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Oil Gains After Inventories

Crude inventories jump, but distillate supplies fall ahead of the winter heating season.

Updated from 4:12 p.m. EDT

Oil futures gained ground Thursday after a report from the Department of Energy showed a larger-than-expected drop in distillate supplies ahead of the winter heating season.

Domestic stockpiles of crude, gasoline, natural gas and distillates are 7% to 18% above where they were a year ago and remained high in the agency's weekly supply report Thursday. The update came out a day later than normal because of a federal holiday on Monday.

Crude stockpiles climbed by 2.4 million barrels last week, nearly double analysts' predictions, as refiners decreased production of gasoline and distillates to undergo seasonal maintenance. Refiners operated at 89.2%, down from 89.9%.

Distillates declined by 1.6 million barrels, far outdistancing the predicted drop of 125,000 barrels. Stockpiles of unleaded gasoline dropped by 300,000 barrels to 215.4 million barrels last week. Despite the fall, inventories of gasoline are over 9% higher than at the same period last year, and distillates are more than 17% greater.

Mild temperatures and low heating demand pushed inventories of natural gas up by 62 billion cubic feet to 3.38 trillion cubic feet. There is now 14% more natural gas than last year and 12% more than the five-year average. Natural gas is used to power some utilities.

Light, sweet crude for November delivery gained 27 cents to settle at $57.86 a barrel. The front-month contract dipped to as low as $57.22 in reaction to higher-than-expected crude inventories.

Heating oil and unleaded gasoline each added 1 cent to $1.68 a gallon and $1.45 a gallon, respectively. Natural gas shed 37 cents, or 6%, to $5.78 per million British thermal units.

Crude prices have lost all of their gains this year as fuel inventories mounted, weather grew mild and tensions in the Middle East cooled. OPEC's apparent confusion over how it will trim production has also thrown the energy markets into a tailspin and driven down prices.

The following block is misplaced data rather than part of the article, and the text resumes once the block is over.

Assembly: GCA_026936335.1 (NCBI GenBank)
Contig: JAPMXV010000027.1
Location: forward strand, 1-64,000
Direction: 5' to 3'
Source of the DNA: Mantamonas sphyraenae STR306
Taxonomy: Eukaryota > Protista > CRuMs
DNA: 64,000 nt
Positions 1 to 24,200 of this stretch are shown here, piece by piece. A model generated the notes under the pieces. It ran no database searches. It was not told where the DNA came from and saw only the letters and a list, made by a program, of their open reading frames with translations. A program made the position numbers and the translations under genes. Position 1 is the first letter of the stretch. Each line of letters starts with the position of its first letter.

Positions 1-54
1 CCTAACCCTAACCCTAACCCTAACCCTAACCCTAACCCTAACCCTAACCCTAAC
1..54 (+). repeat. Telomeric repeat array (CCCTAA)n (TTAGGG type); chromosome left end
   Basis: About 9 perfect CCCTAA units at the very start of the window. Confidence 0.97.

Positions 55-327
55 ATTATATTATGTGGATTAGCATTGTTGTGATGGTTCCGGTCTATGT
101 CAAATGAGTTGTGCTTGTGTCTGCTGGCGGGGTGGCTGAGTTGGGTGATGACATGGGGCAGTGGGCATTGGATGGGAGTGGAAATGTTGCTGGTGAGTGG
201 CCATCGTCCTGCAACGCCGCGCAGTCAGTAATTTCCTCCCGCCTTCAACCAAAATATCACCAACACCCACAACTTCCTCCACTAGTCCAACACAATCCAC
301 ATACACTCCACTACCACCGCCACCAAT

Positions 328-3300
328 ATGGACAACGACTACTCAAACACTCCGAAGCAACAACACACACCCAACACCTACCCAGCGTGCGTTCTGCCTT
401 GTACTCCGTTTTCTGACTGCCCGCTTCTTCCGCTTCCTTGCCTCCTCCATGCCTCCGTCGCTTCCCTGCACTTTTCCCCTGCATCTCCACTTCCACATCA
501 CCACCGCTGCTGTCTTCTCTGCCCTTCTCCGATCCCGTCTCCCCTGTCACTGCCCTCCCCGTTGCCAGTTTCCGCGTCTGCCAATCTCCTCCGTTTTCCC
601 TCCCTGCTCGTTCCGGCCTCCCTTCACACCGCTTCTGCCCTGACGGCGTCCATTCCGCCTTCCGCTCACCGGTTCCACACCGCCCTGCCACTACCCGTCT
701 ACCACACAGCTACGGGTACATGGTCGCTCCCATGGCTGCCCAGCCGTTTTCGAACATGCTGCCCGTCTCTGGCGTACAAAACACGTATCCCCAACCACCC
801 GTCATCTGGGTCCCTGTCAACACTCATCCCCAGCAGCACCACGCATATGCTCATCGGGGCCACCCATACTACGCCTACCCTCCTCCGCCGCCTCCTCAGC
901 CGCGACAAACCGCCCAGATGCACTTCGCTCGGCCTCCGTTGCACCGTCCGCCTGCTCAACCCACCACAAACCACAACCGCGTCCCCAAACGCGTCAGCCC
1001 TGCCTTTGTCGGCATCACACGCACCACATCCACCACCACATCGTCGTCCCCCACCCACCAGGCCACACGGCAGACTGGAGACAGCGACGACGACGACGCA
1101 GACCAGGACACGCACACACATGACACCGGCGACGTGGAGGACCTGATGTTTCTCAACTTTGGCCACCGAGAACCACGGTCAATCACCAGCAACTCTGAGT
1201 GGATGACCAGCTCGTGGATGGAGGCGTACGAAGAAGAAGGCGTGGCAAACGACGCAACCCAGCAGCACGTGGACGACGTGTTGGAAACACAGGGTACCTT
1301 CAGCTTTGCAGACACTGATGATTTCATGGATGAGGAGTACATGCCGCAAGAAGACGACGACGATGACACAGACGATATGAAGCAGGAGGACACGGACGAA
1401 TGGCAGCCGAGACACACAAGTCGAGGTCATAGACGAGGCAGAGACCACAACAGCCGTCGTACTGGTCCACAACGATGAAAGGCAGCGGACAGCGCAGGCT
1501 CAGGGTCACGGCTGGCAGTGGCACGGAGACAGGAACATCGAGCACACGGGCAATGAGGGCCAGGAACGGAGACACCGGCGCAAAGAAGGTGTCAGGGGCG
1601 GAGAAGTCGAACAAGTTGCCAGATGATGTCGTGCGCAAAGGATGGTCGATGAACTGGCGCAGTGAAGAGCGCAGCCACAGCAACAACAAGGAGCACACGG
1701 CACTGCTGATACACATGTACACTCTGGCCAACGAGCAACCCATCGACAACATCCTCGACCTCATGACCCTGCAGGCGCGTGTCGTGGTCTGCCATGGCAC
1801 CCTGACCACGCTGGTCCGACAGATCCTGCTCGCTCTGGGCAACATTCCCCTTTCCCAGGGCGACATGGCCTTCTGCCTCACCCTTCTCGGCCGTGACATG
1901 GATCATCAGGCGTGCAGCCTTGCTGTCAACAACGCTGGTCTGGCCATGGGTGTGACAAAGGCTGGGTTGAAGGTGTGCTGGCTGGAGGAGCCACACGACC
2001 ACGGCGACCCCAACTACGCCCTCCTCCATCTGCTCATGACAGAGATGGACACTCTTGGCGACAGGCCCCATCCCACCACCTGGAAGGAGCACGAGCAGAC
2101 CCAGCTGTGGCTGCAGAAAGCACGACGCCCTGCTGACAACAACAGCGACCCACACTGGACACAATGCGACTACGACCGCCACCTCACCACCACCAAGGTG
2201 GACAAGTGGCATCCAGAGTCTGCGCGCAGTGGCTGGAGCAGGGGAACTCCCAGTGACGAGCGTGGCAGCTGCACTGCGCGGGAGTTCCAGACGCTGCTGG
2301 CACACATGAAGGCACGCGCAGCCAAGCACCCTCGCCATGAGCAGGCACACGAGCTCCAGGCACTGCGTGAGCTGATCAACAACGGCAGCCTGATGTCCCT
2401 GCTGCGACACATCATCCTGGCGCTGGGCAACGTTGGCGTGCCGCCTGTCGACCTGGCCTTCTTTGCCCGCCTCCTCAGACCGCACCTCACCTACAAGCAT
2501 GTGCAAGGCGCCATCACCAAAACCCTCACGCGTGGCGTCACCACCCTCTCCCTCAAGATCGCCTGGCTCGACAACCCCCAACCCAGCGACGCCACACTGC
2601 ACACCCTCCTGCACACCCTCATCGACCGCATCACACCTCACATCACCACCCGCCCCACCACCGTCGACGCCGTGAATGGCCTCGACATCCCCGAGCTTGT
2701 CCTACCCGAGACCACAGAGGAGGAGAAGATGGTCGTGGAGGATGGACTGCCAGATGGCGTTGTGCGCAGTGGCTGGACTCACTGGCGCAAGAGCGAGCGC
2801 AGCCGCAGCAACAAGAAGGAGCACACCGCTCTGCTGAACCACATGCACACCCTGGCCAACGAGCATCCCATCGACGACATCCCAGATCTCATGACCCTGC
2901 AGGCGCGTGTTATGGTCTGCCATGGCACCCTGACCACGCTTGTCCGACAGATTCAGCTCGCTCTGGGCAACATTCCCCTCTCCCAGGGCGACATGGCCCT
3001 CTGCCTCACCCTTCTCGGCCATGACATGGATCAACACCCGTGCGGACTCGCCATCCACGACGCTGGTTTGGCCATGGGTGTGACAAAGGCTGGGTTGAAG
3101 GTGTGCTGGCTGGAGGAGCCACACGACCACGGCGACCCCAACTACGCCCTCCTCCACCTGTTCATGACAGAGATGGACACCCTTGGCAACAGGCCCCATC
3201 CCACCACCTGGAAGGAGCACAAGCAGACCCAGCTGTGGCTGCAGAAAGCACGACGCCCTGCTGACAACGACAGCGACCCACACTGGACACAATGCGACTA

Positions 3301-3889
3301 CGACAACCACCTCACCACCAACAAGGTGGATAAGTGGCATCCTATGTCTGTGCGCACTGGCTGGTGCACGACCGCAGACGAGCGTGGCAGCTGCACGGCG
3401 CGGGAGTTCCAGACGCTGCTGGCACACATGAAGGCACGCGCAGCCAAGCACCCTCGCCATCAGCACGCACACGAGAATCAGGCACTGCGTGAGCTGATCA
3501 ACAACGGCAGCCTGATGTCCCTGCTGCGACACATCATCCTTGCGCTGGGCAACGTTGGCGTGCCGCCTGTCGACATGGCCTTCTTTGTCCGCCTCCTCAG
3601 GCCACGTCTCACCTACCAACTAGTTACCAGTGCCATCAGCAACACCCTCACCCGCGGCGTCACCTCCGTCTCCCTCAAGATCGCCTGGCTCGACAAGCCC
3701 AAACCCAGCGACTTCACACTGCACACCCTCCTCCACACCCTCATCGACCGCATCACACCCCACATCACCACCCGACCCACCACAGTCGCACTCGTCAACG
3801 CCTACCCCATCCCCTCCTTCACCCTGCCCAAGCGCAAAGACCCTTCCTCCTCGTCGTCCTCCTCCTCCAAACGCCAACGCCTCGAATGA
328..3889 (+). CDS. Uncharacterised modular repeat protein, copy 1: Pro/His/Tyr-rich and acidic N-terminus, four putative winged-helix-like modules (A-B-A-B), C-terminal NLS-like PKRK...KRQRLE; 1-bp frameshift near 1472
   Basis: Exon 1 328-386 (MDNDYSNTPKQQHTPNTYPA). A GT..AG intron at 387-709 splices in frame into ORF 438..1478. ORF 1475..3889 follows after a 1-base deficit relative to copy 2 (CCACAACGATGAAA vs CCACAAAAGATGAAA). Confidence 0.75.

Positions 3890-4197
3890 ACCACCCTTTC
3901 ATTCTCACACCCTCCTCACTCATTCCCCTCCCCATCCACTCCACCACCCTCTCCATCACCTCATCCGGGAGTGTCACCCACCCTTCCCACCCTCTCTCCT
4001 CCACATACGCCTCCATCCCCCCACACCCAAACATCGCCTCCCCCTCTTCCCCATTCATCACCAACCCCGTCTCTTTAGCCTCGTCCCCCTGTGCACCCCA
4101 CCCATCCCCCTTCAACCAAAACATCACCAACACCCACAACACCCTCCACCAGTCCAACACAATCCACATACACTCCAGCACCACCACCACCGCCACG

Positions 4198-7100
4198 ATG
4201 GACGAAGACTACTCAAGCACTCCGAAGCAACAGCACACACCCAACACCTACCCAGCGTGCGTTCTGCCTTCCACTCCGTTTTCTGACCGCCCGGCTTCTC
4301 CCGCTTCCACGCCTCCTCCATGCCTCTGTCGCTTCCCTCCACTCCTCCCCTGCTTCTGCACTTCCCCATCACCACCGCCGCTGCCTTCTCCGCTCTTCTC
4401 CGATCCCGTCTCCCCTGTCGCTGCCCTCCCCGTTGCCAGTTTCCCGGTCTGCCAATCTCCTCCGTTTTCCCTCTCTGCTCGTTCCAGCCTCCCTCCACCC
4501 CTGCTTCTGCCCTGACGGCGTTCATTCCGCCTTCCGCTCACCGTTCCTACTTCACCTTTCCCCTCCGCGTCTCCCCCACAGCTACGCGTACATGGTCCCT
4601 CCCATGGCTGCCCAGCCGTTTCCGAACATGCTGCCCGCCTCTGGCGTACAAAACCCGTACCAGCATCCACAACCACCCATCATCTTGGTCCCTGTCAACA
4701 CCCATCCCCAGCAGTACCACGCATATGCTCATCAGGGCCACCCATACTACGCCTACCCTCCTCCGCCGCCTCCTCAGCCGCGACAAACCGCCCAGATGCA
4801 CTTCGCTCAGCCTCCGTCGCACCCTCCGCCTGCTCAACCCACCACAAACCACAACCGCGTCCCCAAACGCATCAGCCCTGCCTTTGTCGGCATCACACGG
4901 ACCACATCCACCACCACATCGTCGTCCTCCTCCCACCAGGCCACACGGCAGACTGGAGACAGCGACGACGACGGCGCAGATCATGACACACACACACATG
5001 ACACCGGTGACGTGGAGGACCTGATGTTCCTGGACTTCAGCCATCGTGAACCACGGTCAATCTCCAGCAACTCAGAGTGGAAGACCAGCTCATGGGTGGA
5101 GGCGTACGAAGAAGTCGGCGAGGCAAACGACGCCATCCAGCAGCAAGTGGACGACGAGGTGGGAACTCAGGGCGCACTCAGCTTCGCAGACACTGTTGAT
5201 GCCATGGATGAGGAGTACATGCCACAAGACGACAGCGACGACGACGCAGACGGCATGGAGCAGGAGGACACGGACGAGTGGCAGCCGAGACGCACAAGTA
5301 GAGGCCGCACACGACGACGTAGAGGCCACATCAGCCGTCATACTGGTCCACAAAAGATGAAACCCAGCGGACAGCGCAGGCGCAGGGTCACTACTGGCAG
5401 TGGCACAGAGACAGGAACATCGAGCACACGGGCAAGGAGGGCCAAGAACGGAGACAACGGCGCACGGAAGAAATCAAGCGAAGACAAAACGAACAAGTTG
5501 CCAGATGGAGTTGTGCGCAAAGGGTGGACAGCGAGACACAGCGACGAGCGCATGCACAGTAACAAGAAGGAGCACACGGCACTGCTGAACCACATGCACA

On Wednesday, the front-month contract crude fell to a nine-month low of $57.59 after the International Energy Agency trimmed demand projections for this year and next.

Thanks to high oil and natural gas prices, and temperate weather, demand for global crude will be 84.57 million barrels per day, down 110,000 from the IEA's previous forecast. Next year, consumption is expected at 86.02 million barrels, a downward revision of 200,000 barrels.

Meanwhile, OPEC has agreed to a daily reduction of one million barrels starting next month, but its 11 member countries are still haggling over how to divvy up the cut and whether Saudi Arabia, the biggest producer, will go along with it.

The kingdom's biggest oil producer, Saudi Aramco, has vowed to continue shipping crude to all of its Asian and European customers in November.

The group, which sets quotas to maintain production and prices worldwide, is trying to decide whether to trim its daily level of 28 million barrels or actual production of 27.5 million barrels. OPEC has immense power over global crude markets because its member pump about 40% of the world's crude.

This is the first time that OPEC, which has been pumping at record amounts, has shaved output in nearly two years. When OPEC slashed output by 1 million barrels in Dec. 2004, crude prices quickly shot up. The same could occur again.

Energy shares were able to maintain gains despite the crude inventory data and picked up as much as 2% on the Amex Oil, Philadelphia Oil Service and Amex Natural Gas Indices.

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were among the leaders in recent trading.

Meanwhile,

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dissolved its merger announcement with

Stone Energy

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and will pay the independent oil company an $8 million termination fee. Energy Partners will consider other options to boost shareholder value, among them the possible sale of the company.

In June, Energy Partners beat out

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In recent trading, Energy Partners shares were up 3.4%, Stone Energy was higher by 3% and Plains Exploration was up 1.7%.

Daily production at

BP's

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Prudhoe Bay oil field in Alaska rose to 50,000 barrels Thursday and was expected to return to 350,000 barrels within a few days, the

Associated Press

reported. On Tuesday, heavy winds and rains shut down much of the field's power and trimmed output to as low as 20,000 barrels, according to published reports.

BP shares rose 1.9% to $65.07 Thursday.